Ionospheric Observatory station at Chumphon, Thailand

The Ionospheric Observation station Chumphon is located on the Chumphon campus of King Mongkut’s Institute of Technology Ladkrabang (geographical latitude 10.72°N, longitude 99.37°E; magnetic dip latitude 3.22°N) which is  in the equatorial latitude zone as shown in Fig. 1. This station has the folloing instruments:

  • FMCW Ionosonde transmitter and receiver (NICT)
  • JAVAD GPS receiver (NICT)
  • TOPCON GNSS receiver (JAXA)
  • GNU radio beacon receiver (GRBR) Beacon receiver (Kyoto University)

The FMCW ionosonde station is one of the eight stations under SEALION (South East Asia Low-Latitude Ionospheric Network) project. It is a joint project under National Institute of Information and Communications Technology (NICT), Japan, and collaboration with partnered institutes and universities mostly in ASEAN region.


chumpon_1 chumpon_2
  • FMCW ionosonde

FMCW ionosonde is a measuring instrument which is based on the  “Ionosonde” technique for monitoring the Ionosphere. Another name of FM/CW ionosonde is ionospheric sounder. The main component of ionosonde consists of 1) Antenna 2) transmitter and receiver, and 3) computer as shown in Fig. 2. Figure 3 shows the equipment in an ionospheric observatory room at Chumphon including an amplifier, an LPF bank, an FMCW ionosphere receiver, an SWR meter, and a window PC.


An ionosonde used at Chumphon station transmits FM-modulated signals to reflect from the ionosphere layer using the frequency of 2 to 30 MHz (high frequency or HF) and receives the echoes continuously, so called “continuous wave-frequency modulation (FMCW) ionosonde”. The HF signals are increased with a sweep rate of 100 kHz/s and a sweep repetition period of 5 minutes. Figures 5 and  6 show the operational concept and the traces with their main parameters of the FMCW ionosonde, respectively.

chumpon_5 chumpon_6

The FMCW ionosonde has been routinely used to monitor the ionosphere till now. Its traces are called ionogram and recorded in a computer at every 5 minutes. These ionograms can be scaled manually or automatically to obtain some ionospheric parameters [1], for instance, the virtual height of E, Es, and F layer (h’E, h’Es, h’F), the plasma (critical) frequency of E, F1, and F2 layer (foE, foF1, foF2), and the maximum usable frequency at distance 3,000 km of F2 layer <MUF(3000)F2>. Moreover, we can also compute other ionospheric parameters at Chumphon which are based on the empirical equations, for example, the F2 layer peak electron density (NmF2), the F2 layer peak electron density height (hmF2), and the equivalent slab thickness (EST or t).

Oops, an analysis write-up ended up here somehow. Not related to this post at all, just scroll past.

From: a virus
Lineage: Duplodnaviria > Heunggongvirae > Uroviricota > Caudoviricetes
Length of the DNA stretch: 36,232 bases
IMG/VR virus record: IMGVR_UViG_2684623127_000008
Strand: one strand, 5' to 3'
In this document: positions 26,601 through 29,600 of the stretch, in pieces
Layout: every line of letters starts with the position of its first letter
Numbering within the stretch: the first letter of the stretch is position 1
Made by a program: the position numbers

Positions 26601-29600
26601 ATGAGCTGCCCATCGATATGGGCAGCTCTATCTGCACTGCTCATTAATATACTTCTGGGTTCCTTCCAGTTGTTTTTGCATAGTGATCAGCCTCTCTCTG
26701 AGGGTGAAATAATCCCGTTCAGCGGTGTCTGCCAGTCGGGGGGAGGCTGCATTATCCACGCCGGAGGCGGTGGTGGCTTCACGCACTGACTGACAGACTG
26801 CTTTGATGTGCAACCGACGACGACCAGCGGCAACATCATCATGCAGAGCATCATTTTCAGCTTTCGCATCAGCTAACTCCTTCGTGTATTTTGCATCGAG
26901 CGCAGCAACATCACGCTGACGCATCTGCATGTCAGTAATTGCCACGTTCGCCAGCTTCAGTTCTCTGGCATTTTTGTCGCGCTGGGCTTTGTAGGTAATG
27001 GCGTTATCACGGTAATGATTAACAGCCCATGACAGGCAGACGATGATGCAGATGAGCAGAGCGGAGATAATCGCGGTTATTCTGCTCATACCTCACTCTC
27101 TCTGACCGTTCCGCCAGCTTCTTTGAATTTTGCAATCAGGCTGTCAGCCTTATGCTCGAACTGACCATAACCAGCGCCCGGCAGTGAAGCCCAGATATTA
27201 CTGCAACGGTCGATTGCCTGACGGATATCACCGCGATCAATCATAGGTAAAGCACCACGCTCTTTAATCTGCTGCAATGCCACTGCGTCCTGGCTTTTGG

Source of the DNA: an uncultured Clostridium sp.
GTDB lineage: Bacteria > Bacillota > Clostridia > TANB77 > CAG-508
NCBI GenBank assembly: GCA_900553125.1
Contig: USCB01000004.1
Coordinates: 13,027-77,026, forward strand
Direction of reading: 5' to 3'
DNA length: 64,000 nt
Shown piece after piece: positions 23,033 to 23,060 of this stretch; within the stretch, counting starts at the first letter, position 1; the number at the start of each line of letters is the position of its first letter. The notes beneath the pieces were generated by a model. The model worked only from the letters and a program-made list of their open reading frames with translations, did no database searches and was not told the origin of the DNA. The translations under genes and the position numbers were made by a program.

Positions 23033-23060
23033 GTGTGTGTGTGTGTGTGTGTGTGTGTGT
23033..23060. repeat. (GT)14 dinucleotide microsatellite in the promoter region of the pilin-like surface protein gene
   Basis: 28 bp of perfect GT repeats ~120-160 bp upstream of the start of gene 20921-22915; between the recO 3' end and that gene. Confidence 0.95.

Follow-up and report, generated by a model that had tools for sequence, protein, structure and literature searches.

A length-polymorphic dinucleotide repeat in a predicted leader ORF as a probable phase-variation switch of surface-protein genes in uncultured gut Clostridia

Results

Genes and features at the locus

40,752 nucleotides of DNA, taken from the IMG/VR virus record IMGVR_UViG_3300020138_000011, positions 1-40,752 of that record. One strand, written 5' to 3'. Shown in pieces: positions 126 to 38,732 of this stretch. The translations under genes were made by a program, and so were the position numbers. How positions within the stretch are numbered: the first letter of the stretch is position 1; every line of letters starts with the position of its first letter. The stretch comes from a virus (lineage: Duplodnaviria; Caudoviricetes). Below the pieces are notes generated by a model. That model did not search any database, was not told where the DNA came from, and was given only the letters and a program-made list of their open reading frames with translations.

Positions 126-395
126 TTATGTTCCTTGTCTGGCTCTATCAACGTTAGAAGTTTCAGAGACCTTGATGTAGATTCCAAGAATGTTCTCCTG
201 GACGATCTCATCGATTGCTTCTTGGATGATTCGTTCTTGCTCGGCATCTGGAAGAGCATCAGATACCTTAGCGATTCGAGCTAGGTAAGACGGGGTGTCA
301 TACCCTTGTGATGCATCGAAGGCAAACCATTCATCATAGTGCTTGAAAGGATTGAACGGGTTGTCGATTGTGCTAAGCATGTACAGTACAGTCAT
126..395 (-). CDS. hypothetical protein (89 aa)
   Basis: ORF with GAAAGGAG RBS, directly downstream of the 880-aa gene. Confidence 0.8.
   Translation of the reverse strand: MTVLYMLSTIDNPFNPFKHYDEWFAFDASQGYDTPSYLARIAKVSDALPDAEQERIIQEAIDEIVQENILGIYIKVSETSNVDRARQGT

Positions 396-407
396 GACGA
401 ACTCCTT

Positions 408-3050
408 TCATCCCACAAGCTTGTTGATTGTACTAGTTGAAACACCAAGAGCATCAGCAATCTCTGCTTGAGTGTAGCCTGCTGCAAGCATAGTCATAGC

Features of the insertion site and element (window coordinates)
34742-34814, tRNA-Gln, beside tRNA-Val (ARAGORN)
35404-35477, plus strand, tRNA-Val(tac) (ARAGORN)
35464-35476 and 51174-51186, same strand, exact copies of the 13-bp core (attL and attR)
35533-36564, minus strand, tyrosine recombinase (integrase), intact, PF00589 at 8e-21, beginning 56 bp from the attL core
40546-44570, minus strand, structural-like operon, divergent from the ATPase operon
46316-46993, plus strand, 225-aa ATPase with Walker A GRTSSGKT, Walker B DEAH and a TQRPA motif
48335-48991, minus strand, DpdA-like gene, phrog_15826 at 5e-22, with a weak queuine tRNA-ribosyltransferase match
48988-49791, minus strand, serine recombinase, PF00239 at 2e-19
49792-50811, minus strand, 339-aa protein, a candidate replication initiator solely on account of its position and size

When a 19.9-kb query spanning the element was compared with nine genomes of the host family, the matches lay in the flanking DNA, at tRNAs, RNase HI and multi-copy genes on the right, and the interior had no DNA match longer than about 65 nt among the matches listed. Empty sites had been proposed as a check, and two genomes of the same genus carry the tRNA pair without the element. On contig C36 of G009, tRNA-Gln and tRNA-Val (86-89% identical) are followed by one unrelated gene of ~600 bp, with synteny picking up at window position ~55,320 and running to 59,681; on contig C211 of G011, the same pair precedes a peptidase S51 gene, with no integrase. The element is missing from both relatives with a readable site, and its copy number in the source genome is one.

The examples of diurnal variations of the foF2 and the NmF2 in each season of  2004 (minimum solar activity of solar cycle 23th) are shown in Fig. 7. Meanwhile, the examples of diurnal variations of the hmF2 and the MUF(3000)F2 in each season of 2004 are shown in Fig. 8.  Note that these measured data are grouped into three seasons: equinox (March, April, September, October), summer (May – August) and winter (November – February). The 12-month running mean relative sunspot number (Rz12) in 2004 is equal to 51.16. In each figure of Fig. 7 – 8, the x-axis is the local time (LT) and the y-axis is the hourly median of the scaled or computed parameters.

  • JAVAD GPS Receiver

At the ionospheric observatory station, Chumphon, a JAVAD GPS system is also monitored to compute the total electron content (TEC) in ionosphere and plasmaphere. The JAVAD GPS system is a dual-frequency (f1 = 1575.42 MHz and f2 = 1227.60 MHz) GPS system which is composed of an antenna, an amplifier, a JAVAD TEC meter with a GPS receiver, and a computer. The GPS receiver embedded in the JAVAD TEC meter receives the GPS signals continuously and computes the slant TEC (STEC) between a satellite and a GPS receiver. The STEC can be calculated from the difference between the pseudoranges (P1 and P2) or the difference between the phases (L1 and L2) of two frequencies [3]. The STEC is computed continuously by mitigating the receiver bias, the satellite bias, and the cycle slips. Afterward, the STEC is converted into the Vertical TEC (VTEC) [2]. The VTEC can be used in many practical applications, for example, the ionospheric time delay of GPS signals, the equivalent slab thickness, etc. Note that the raw data (as a RINEX file) obtained from GPS satellites is stored in a computer. The STEC is defined as the line integral of the electron density from a GPS satellite to the GPS receiver above a specified elevation angle and the VTEC value (unit: el/m2) is the TEC in a vertical column of 1 m2 cross section. The equivalent slab thickness (EST) in ionosphere is a ratio between the VTEC and the NmF2 [3]. The examples of diurnal variations of (a) the TEC and (b) the EST in each season of year 2004 are shown in Fig. 9.




[1] Wakai, N., Ohyama, H., Koizumi, T., 1987. Example of typical ionogram. Manual of Ionogram Scaling. Third Version. Communications Research Laboratory, Tokyo, Japan.

[2] Blewitt, G., 1990. An automatic editing algorithm for GPS data. Geophys. Res. Lett. 17, 199-202.

[3] Ma, G., Maruyama, T., 2003. Deviation of TEC and estimation of instrumental biases from GEONET in Japan. Annales Geophysicae 21, 2083-2093.